This article originated on watchdog.org.
MADISON, Wis. — And now for our regularly scheduled election …
The mid-term year ahead should not want for intriguing political story lines, but the main event in Wisconsin in 2014 is the re-election bid of Republican Gov. Scott Walker, political pundits agree.
If it seems like déjà vu, well, the feeling is understandable.
“Of course, this is the third election contest for Governor Walker in four years. He’s had a lot of practice at it by now,” said Charles Franklin, director of the Marquette University Law School Poll.
The only difference, at least as it stands, is Walker’s opponent.
Walker beat Milwaukee Mayor Tom Barrett, a Democrat, in the 2010 election, only to be recalled in 2012, when he defeated Barrett in the rematch.
As 2014 dawns, the incumbent’s challenger this time around is Madison school board member and liberal millionaire Mary Burke. State Sen. Kathleen Vinehout, D-Alma, has kicked around the idea of jumping into the race, but Burke, who served as Commerce
Department secretary under former Gov. Jim Doyle, is seen as theDemocratic Party establishment’s anointed candidate.
Voters have had more than the usual opportunities to make judgments about Walker, and in a politically divided state the polling story line is how consistent the numbers have been.
In 14 straight polls over the past two years, Franklin said, the governor’s approval rating has averaged 49.9 percent, the same as President Obama over that period.
“We simply have not seen any sign of volatility in voters’ opinions,” Franklin said.
The most recent Marquette poll, released late October, showed Walker with a 2 percentage point lead, 47 percent to 45 percent, over Burke, within the 3 percentage point margin of error. But voters know who Walker is; they have yet to get to know Burke. The Democrat hasn’t helped matters much, offering vague answers at best about her positions on key policy matters.
John McAdams, political science professor at Marquette, said Democrats have a “perfectly plausible candidate” in Burke, who brings the weight of her personal fortune to the race.
The 2014 contest, McAdams said, will continue to highlight the Badger State divide.
“I would say Walker is the favorite, but who knows what happens between now and then,” the pundit said.
Referendum on 2010
The race is part of a bigger picture politically, a referendum nationally on the performance of the Republican governors elected in the 2010 GOP landslide, Franklin said.
The Grand Old Party will have 22 seats to defend, Democrats just 14.
“Four years later, how does each of these states feel about the policy and direction they chose in 2010,” Franklin said. “Except for (Wisconsin), this will be their first chance to render a verdict.”
The Cook Political Report rates six races “solid” for incumbent Democrats, compared to 11 for incumbent Republicans. The election handicapper rates as “likely” that six Republican governors will hold their seats, including Walker, while counting four Democrats in that category.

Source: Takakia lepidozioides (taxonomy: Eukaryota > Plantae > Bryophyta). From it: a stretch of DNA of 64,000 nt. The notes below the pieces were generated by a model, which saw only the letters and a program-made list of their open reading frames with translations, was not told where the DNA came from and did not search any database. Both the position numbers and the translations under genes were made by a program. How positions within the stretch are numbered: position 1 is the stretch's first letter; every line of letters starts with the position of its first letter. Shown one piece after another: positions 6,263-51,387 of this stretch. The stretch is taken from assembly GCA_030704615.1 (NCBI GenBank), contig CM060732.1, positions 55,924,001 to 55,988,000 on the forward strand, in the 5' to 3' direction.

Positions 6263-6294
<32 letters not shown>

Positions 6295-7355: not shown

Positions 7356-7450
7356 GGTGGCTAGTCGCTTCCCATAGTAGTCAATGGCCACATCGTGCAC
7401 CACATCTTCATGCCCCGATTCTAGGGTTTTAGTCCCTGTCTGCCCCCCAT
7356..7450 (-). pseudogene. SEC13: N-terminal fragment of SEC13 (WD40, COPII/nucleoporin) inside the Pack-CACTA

Cook considers four races involving Republican incumbents to be “toss ups,” two involving Democrats – including Illinois Gov. Pat Quinn.
Sixth Year Slump?
The political tea leaves read a tough year for Democrats in Wisconsin’s legislative races, and at the national level, according to Joe Heim, professor emeritus of political science at the University of Wisconsin-La Crosse.
“Control of Congress is going to be up for grabs,” he said.
History is on the side of Republicans. The sixth year of a presidency generally is a losing year for the incumbent party, and Heim sees no reason to believe that will change.
It’s the mid-term quotient in general. Since the 1860s, there have been but four midterm elections in which the incumbent party gained seats in Congress – most recently in 1998, amid a booming economy and presidential scandal, and 2002, a year after the Sept. 11, 2001, terrorist attacks. You’d have to go back to 1934 to find the last time a sitting president’s party scored gains.
“I think history does matter here,” Franklin said. “Purely from a historical perspective, I think there are long odds that Democrats will pick up seats at all, let alone pick up enough to take over the House of Representatives.”
Obama’s polling numbers, at 43 percent in late December, matched the worst of his presidency.
The Washington Post-ABC poll puts the president’s approval rating on the economy at 42 percent, and his handling of the implementation of the health-care law that colloquially bears his name at 34 percent.
It’s hard to have much hope of big gains with numbers like that, but, as Heim notes, a month can be a lifetime in politics. If that’s the case, the midterm elections are several lifetimes away.
But Obamacare, for better or worse, will have much to say about who holds the reins of power by the end of 2014.
“If we continue to get a flurry of stories about problems with Obamacare, that really will say 2014 is going to be a good year for Republicans,” McAdams said.
The campaigning in Wisconsin will be built in large part on one prevailing theme: Jobs.
Franklin says you don’t have to have a functioning crystal ball to know that there will be a tremendous amount of arguments and spin throughout the year on the topic of job creation. Democrats will train in on Walker’s 2010 election pledge that Wisconsin would create 250,000 jobs. Less than a year out, the state has made progress but it will take some heavy lifting to hit the mark.
Will voters give Walker a break if the numbers come up short? Franklin said it all comes back to the current political divide.
“The state is sufficiently divided between Democrats and Republicans right now, and both have a point of view on what those numbers mean,” the pollster said. “I doubt Republicans will abandon the governor if he is shy of that number or Democrats will be voting for him if he hits it.”